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Am J Physiol Heart Circ Physiol. 2006 Feb;290(2):H844-52. Epub 2005 Sep 23.

Mechanism of osmotic flow in a periodic fiber array.

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Dept. of Biomedical and Mechanical Engineering, The City College of New York, CUNY, 138th St. at Convent Ave., New York, NY 10031, USA.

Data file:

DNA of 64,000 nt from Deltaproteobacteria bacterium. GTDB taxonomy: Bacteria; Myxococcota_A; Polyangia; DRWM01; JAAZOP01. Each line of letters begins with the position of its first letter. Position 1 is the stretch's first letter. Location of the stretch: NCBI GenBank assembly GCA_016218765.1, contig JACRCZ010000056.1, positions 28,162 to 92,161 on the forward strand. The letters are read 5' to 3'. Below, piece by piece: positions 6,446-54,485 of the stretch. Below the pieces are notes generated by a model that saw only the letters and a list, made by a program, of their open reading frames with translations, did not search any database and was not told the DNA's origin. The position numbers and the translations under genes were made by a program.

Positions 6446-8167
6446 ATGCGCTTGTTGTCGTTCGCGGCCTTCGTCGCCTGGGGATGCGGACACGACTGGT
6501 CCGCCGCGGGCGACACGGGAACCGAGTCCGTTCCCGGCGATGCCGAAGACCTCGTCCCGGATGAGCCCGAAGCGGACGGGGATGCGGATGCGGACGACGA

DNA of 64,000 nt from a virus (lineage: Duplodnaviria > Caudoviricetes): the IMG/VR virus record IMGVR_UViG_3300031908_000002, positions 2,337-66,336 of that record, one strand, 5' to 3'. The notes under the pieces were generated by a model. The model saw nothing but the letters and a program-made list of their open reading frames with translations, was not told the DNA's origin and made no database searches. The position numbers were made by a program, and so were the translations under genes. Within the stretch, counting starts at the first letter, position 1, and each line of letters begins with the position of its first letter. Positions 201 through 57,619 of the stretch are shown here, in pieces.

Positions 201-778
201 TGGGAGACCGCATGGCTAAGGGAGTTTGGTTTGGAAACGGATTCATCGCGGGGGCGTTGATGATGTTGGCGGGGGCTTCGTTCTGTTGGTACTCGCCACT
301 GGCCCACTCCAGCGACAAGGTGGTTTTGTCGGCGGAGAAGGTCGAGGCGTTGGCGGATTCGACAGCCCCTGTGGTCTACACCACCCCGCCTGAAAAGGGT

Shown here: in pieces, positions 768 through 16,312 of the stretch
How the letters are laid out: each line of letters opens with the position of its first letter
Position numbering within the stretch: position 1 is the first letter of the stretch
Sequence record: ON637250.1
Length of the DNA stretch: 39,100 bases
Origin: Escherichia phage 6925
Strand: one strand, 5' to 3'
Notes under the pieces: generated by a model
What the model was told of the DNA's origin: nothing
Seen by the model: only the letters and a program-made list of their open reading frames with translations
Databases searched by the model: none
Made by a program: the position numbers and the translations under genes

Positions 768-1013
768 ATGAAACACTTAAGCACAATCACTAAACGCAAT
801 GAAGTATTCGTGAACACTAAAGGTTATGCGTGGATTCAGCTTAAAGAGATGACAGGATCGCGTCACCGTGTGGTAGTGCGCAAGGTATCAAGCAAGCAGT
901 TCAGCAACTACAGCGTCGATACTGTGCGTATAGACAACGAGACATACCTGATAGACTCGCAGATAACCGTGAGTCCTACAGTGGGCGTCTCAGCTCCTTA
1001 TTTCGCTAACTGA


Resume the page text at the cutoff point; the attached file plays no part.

The classic analysis by Anderson and Malone (Biophys J 14: 957-982, 1974) of the osmotic flow across membranes with long circular cylindrical pores is extended to a fiber matrix layer wherein the confining boundaries are the fibers themselves. The equivalent of the well-known result for the reflection coefficient sigma0 = (1 - phi)2, where phi is the partition coefficient, is derived for a periodic fiber array of hexagonally ordered core proteins. The boundary value problem for the potential energy function describing the solute distribution surrounding each fiber is solved by defining an equivalent fluid annulus in which the pressures and osmotic forces are determined. This model is of special interest in the osmotic flow of water across a capillary wall, where recent experimental studies suggest that the endothelial glycocalyx is a quasiperiodic fiber array that serves as the primary molecular sieve for plasma proteins. Results for the reflection coefficient are presented in terms of two dimensionless numbers, alpha = a/R and beta = b/R, where a and b are the solute and fiber radii, respectively, and R is the outer radius of the fluid annulus. In general, the results differ substantially from the classic expression for a circular pore because of the large difference in the shape of the boundary along which the osmotic force is generated. However, as in circular pore theory, one finds that the reflection coefficients for osmosis and filtration are the same.

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